The seven stages of a sales cycle are usually broken down to versions of Prospecting, Preparation, Approach, Presentation, Handling objections, Closing, and Follow-up. Which stage do you feel that you are best at? What is your unique approach, your “secret sauce”, to that particular skill? Can you explain or give a story?

Every one of those stages is important and serves a specific purpose. But one of the most thrilling things for me is being able to anticipate the market’s next move and placing my clients in a unique position to benefit from it. So, I guess you could say that prospecting and presenting are my favorite part of the job, but helping people make good choices is very satisfying.

Lead generation, or prospecting, is one of the basic steps of the sales cycle. Obviously, every industry will be different, but can you share some of the fundamental strategies you use to generate good, qualified leads?

We built our company before technology made communicating with a massive audience much easier and less expensive, so we focused on networking and referrals to build our clientele. However, today this business has become far more crowded so it’s essential to utilize technology to promote yourself and your services to the largest possible audience. One should try and be as visible on-line as possible, since people will generally consult a Realtor who they recognize personally and/or one that conveys a powerful presence in the industry and has demonstrated an ability to deliver consistently powerful results. So, unless you have the financial resources to have someone handle these tasks for you, I suggest taking the time to not only learn, but master, how to make use of these powerful technological tools to establish your own personal brand.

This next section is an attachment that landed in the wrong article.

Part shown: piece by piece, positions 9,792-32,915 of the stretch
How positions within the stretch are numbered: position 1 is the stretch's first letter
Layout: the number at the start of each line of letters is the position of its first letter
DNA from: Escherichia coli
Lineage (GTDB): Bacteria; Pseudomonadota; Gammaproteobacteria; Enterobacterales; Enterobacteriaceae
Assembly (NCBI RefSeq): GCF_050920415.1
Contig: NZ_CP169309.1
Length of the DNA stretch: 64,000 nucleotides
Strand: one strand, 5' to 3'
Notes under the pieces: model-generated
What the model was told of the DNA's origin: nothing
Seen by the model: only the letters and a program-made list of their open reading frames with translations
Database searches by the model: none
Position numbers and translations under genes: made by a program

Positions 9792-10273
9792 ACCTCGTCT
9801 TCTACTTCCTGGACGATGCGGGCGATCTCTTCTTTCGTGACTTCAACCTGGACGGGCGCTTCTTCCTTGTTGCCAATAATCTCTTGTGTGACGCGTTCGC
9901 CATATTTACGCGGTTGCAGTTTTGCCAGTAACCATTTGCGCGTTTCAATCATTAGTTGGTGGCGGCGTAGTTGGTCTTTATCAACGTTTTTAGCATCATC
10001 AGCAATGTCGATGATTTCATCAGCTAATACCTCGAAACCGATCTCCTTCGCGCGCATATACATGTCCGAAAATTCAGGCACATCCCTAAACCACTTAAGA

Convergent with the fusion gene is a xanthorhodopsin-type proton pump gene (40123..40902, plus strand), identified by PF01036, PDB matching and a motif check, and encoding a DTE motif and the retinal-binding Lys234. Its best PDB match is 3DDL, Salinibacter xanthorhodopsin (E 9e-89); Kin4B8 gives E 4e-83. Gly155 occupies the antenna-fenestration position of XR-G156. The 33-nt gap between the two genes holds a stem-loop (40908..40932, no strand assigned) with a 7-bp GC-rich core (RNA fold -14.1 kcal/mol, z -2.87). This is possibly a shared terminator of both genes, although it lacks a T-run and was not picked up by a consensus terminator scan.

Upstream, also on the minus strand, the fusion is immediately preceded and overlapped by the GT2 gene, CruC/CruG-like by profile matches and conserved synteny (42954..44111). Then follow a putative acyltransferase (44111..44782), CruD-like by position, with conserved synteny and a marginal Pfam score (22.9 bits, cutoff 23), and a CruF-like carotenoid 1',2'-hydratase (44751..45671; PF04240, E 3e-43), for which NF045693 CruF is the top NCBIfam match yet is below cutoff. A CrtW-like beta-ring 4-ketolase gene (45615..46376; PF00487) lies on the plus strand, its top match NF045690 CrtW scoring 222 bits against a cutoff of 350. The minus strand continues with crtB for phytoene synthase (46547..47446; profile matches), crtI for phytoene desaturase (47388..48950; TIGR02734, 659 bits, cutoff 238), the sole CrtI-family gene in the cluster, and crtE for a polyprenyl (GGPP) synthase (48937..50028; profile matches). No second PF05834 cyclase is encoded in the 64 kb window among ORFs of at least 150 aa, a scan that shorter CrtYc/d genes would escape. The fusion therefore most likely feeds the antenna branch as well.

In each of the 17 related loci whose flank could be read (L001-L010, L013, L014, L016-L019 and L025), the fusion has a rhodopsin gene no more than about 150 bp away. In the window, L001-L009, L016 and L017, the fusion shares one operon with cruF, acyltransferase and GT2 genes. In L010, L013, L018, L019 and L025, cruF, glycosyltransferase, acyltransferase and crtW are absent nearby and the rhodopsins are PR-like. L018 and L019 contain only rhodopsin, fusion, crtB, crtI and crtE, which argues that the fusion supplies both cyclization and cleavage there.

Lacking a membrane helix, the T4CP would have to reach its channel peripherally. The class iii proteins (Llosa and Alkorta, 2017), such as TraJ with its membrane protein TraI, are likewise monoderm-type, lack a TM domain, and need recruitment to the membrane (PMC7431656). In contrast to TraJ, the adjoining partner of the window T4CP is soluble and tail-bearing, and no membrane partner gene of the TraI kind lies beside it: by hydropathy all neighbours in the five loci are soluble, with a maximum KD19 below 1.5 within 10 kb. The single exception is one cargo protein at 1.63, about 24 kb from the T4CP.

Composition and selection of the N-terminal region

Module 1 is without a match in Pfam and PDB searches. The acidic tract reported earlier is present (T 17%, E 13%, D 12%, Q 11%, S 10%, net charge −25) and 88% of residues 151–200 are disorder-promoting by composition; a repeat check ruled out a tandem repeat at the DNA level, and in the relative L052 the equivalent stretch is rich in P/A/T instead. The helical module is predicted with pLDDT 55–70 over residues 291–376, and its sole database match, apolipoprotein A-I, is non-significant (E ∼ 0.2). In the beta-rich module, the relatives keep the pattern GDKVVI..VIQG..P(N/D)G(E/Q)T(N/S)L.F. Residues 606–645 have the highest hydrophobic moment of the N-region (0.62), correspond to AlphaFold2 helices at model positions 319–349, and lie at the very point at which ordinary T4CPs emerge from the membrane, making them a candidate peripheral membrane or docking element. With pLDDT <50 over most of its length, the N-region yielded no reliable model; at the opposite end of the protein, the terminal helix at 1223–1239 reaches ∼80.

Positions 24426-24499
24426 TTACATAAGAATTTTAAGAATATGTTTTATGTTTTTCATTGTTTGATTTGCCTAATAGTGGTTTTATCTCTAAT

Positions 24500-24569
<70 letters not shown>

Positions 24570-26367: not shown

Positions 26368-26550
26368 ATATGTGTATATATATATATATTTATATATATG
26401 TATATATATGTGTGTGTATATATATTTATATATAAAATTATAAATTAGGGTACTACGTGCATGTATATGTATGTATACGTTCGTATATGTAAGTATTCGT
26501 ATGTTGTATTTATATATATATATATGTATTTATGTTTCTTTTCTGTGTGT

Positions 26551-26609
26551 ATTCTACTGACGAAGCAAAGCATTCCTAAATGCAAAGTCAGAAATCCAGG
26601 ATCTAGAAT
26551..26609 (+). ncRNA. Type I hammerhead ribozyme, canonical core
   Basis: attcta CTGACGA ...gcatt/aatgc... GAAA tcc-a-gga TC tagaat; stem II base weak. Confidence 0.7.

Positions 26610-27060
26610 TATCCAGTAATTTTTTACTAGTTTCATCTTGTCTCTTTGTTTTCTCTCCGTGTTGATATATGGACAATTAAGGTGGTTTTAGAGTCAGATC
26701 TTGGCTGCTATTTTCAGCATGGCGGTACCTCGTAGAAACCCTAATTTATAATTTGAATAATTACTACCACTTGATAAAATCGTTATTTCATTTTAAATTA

In my experience, I think the final stages of Handling Objections, Closing, and Follow-up, are the most difficult parts for many people. Why do you think ‘Handling Objections’ is so hard for people? What would you recommend for one to do, to be better at ‘Handling Objections’?